NetApp Allows Dedupe Of Competing Primary Storage


NetApp's V-Series family is a line of storage virtualization appliances which sits in front of multiple arrays from one or more vendors and virtualizes the storage capacity of those arrays to allow it to be managed through a single management system.

NetApp this week is adding deduplication capabilities to the V-Series family, allowing it to dedupe data across its competitors' products, including arrays from EMC, Hewlett-Packard, IBM, and Hitachi Data Systems, said Chris Cummings, senior director of data protection solutions for NetApp.

Deduplication, also called "dedupe," removes duplicate information as data is backed up or archived. It can be done on the file level, where duplicate files are replaced with a marker pointing to one copy of the file, and/or at the sub-file or byte level, where duplicate bytes of data are removed, resulting in a significant decrease in storage capacity requirements.

The V-Series is certified to deliver dedupe over primary storage from those vendors, and not just on secondary or backup storage, Cummings said. "This lets customers avoid rip-and-replace while going after the benefits of dedupe with those arrays," he said.

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It is a significant move or the vendors, NetApp solution providers said.

Dedupe is the next part of the logical evolution of the V-Series, said Rolf Strasheim, director of client solutions at Peak UpTime, a Tulsa, Okla.-based storage solution provider and NetApp partner.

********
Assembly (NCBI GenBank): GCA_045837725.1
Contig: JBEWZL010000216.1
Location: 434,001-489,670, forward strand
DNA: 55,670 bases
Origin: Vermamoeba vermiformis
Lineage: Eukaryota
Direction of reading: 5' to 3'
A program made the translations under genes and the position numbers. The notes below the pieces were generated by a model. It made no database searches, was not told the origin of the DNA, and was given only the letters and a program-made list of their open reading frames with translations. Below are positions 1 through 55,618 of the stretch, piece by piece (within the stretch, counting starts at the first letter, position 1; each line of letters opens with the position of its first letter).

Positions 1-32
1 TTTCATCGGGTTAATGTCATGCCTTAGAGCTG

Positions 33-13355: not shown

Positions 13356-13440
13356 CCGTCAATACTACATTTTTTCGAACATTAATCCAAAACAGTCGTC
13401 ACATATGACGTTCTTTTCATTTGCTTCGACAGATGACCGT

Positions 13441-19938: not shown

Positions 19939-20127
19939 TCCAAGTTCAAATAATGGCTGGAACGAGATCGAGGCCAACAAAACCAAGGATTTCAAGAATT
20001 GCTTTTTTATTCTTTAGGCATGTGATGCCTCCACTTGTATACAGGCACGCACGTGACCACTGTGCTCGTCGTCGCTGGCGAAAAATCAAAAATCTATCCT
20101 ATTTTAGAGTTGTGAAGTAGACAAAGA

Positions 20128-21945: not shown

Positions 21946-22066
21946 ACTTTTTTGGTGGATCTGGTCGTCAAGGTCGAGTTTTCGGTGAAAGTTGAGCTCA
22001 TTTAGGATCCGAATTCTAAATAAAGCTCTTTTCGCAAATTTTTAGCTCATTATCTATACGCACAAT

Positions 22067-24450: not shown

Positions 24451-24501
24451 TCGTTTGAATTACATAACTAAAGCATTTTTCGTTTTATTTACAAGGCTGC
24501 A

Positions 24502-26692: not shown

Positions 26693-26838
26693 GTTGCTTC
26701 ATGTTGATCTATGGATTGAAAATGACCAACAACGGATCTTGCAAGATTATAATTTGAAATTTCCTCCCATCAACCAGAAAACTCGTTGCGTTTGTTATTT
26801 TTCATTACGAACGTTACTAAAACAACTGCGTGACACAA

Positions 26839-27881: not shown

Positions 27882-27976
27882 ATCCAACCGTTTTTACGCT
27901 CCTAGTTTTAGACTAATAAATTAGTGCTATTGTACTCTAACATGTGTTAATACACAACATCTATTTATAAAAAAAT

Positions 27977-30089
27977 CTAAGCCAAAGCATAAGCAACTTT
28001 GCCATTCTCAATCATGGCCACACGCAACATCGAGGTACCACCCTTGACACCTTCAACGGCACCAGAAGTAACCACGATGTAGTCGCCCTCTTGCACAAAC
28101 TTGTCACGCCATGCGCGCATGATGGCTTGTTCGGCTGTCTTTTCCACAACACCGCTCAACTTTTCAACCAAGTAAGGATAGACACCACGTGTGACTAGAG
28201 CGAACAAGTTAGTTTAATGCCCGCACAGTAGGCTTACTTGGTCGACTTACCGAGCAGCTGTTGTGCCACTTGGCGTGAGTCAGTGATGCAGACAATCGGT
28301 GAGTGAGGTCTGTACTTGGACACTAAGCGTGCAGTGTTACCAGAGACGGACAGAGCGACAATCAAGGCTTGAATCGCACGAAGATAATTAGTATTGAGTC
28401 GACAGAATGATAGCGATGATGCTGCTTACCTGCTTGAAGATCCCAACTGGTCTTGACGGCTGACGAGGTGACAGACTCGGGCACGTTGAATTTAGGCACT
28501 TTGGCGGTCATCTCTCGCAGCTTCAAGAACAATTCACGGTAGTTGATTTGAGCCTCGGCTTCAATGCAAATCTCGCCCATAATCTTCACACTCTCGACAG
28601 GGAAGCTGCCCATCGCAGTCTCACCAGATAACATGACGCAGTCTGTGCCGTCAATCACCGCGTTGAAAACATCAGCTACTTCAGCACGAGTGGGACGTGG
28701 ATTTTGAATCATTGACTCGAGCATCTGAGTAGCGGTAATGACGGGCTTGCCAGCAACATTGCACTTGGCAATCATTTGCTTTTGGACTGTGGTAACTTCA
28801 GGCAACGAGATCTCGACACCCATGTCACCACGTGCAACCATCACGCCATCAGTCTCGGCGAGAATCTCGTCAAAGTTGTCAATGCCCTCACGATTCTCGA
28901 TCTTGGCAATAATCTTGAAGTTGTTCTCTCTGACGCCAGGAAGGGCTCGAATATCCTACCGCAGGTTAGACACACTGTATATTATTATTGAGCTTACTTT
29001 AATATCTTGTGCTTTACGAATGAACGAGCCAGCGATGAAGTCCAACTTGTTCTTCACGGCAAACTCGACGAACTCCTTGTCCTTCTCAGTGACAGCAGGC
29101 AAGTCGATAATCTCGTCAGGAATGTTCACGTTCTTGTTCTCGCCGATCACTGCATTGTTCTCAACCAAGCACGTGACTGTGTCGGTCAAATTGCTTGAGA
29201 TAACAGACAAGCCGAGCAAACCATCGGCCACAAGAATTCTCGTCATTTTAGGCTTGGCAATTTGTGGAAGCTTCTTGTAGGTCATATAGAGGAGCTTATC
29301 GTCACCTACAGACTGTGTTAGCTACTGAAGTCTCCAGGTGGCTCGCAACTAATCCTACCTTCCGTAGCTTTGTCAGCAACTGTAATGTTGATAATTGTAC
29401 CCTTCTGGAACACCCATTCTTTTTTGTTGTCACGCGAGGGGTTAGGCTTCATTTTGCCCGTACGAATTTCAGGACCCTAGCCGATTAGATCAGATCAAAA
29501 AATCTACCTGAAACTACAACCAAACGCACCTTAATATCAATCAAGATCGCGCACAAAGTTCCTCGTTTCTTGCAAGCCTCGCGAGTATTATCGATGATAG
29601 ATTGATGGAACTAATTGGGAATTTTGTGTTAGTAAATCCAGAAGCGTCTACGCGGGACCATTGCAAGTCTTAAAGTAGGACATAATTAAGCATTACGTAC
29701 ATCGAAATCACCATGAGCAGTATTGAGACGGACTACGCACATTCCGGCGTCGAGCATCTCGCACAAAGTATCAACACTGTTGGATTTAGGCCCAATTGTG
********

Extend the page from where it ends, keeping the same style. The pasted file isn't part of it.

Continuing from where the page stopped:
Every single NetApp Filer that Peak UpTime installs for customers includes dedupe already, regardless of whether customers require it or not, Strasheim said. "With the V-Series, until now the discussion has been focused on integrating other vendors' storage," he said. "This just continues that move."

Mike Piltoff, senior vice president of strategic marketing at Champion Solutions Group, a Boca Raton, Fl.-based solution provider, said the ROI of dedupe is very compelling, giving customers an additional 20 percent to 25 percent reduction in storage capacity over what other technologies such as virtualization offer.

"When you combine the efficiencies of storage virtualization, new technologies to ease management, and deduplication, it's an unbelievable value," Piltoff said. "We see a customer using standard Fibre Channel arrays who is looking to add capacity in reality doesn't really need to add. Instead, he can pick up additional capacities with the V-Series."

The V-Series provides both file-level and block-level deduplication, Cummings said.

In order to activate the dedupe license, which is free, customers do need to spend about 10 minutes filling out a form that states that they know there is a chance of performance degradation when implementing the technology, depending on data type and other factors, Cummings said.

The V-Series can be set to automatically turn off the dedupe function if the performance hit is too high, he said.

"In many cases, we see no performance hit, and in rare cases performance goes up," he said. "But in most cases, we let customers set their own performance threshold so that if the performance drops below that level, the dedupe is turned off."